John Bruton, Ambassador of the European Union to the U.S., Oct. 1
Location:Arthur Lewis Auditorium, Robertson Hall
Audience:Open to the Public
John Bruton, Ambassador of the European Union to the United States, will present a public talk at the Woodrow Wilson School titled, "The Transatlantic Relationship: A Thing of the Past or of the Future?" at 4:30 on Thursday, October 1, in Dodds auditorium Robertson Hall, on the Princeton University campus.
Ambassador Bruton is a former Irish Prime Minister (Taoiseach), who helped transform the Irish economy into the "Celtic Tiger," one of the fastest growing economies in the world. In the year before he took office (1993) the Irish economy grew by 2.7%. During his time as Taoiseach (1994-1997), the Irish economy grew at an annual average rate of 8.7%, peaking at 11.1% in 1997. Bruton was also deeply involved in the Northern Irish Peace Process leading to the 1998 Good Friday Agreement, under whose terms a conflict of allegiances dating back to the seventeenth century was resolved.
While Prime Minister, Ambassador Bruton presided over a successful Irish EU Presidency in 1996 and helped finalize the Stability and Growth Pact, which governs the management of the single European currency, the Euro. He represented the EU at Summit meetings with the President of the United States and with the Prime Ministers of Canada, Japan, China and Korea.
Before being appointed Ambassador to the United States, Bruton served as a leading member of the Convention that drafted the proposed European Constitution, which was signed in Rome on October 29, 2004. He strongly supported proposals to give the general public a more direct say in the choice of EU leadership by allowing the public of the 27 EU Member States directly to elect the President of the European Commission.
From 1999 until his appointment as Ambassador, he was one of ten Vice Presidents of the European People's Party, which brings together the leaderships of 74 European political parties, many of whom are in Government in their countries.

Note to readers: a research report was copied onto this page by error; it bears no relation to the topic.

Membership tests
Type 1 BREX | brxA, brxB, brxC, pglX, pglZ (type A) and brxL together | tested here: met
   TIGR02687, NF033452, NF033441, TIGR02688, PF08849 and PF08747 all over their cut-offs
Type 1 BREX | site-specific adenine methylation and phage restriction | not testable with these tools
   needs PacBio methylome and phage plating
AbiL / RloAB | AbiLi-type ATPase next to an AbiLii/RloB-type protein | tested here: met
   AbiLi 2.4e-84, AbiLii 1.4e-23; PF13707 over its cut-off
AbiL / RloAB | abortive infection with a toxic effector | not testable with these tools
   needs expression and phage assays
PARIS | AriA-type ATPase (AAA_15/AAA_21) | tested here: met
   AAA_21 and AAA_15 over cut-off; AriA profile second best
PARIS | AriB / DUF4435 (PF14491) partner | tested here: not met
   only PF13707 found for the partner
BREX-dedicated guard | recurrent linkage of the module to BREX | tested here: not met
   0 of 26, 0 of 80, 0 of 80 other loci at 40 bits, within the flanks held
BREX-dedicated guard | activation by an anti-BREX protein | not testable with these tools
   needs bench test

Since 2001 he has spoken on world, the European and Irish economic developments to influential business and political audiences in New Zealand, South Africa, Chile, Canada, Argentina, Mexico, Peru, Colombia, Costa Rica, Ukraine, Turkey, the United Arab Emirates and numerous EU Member States.
Since taking up his position in Washington in 2004, Bruton has met with the President and former Presidents of the United States and visited with governors, mayors, business leaders and students in over 20 US states to explain that the expanding European Union is good for the US economy and good for American jobs. In Washington, DC, Ambassador Bruton has had one-to-one meetings with over 250 Members of Congress to explain major EU developments and discuss the importance of the EU-US relationship in matters of trade, counterterrorism, public health, energy, the environment and the promotion of peace, democracy and human rights around the world.
John Bruton was first elected to the Irish Parliament ("Dáil Éireann") in 1969 at the age of 22 as a member of the Fine Gael Party, becoming Party Leader in 1990 and leading it into government in 1994. He previously served as Ireland’s Minister for Finance (1981-1982 and 1986-1987); Minister for Industry & Energy (1982-1983); Minister for Trade, Commerce & Tourism (1983-1986); and was Parliamentary Secretary (Junior Minister) from 1973-1977. He has also been opposition spokesman on Agriculture and on Education.
As Minister for Finance, he began the task of overcoming a major budget deficit crisis for Ireland in 1981 and made proposals to overhaul budgetary procedures to allow long-term planning and a realistic appraisal of the choices facing legislators.
As Minister for Industry he prepared and had enacted into law the comprehensive industrial development legislation, which underpins Irish growth to this day, and undertook a major overhaul of Irish company law. He resigned his seat effective November 1, 2004 to take up his appointment as EU Commission Head of Delegation in the United States.
This event is co-sponsored by the Woodrow Wilson School of Public and International Affairs and the European Union Program. It is free and open to the public.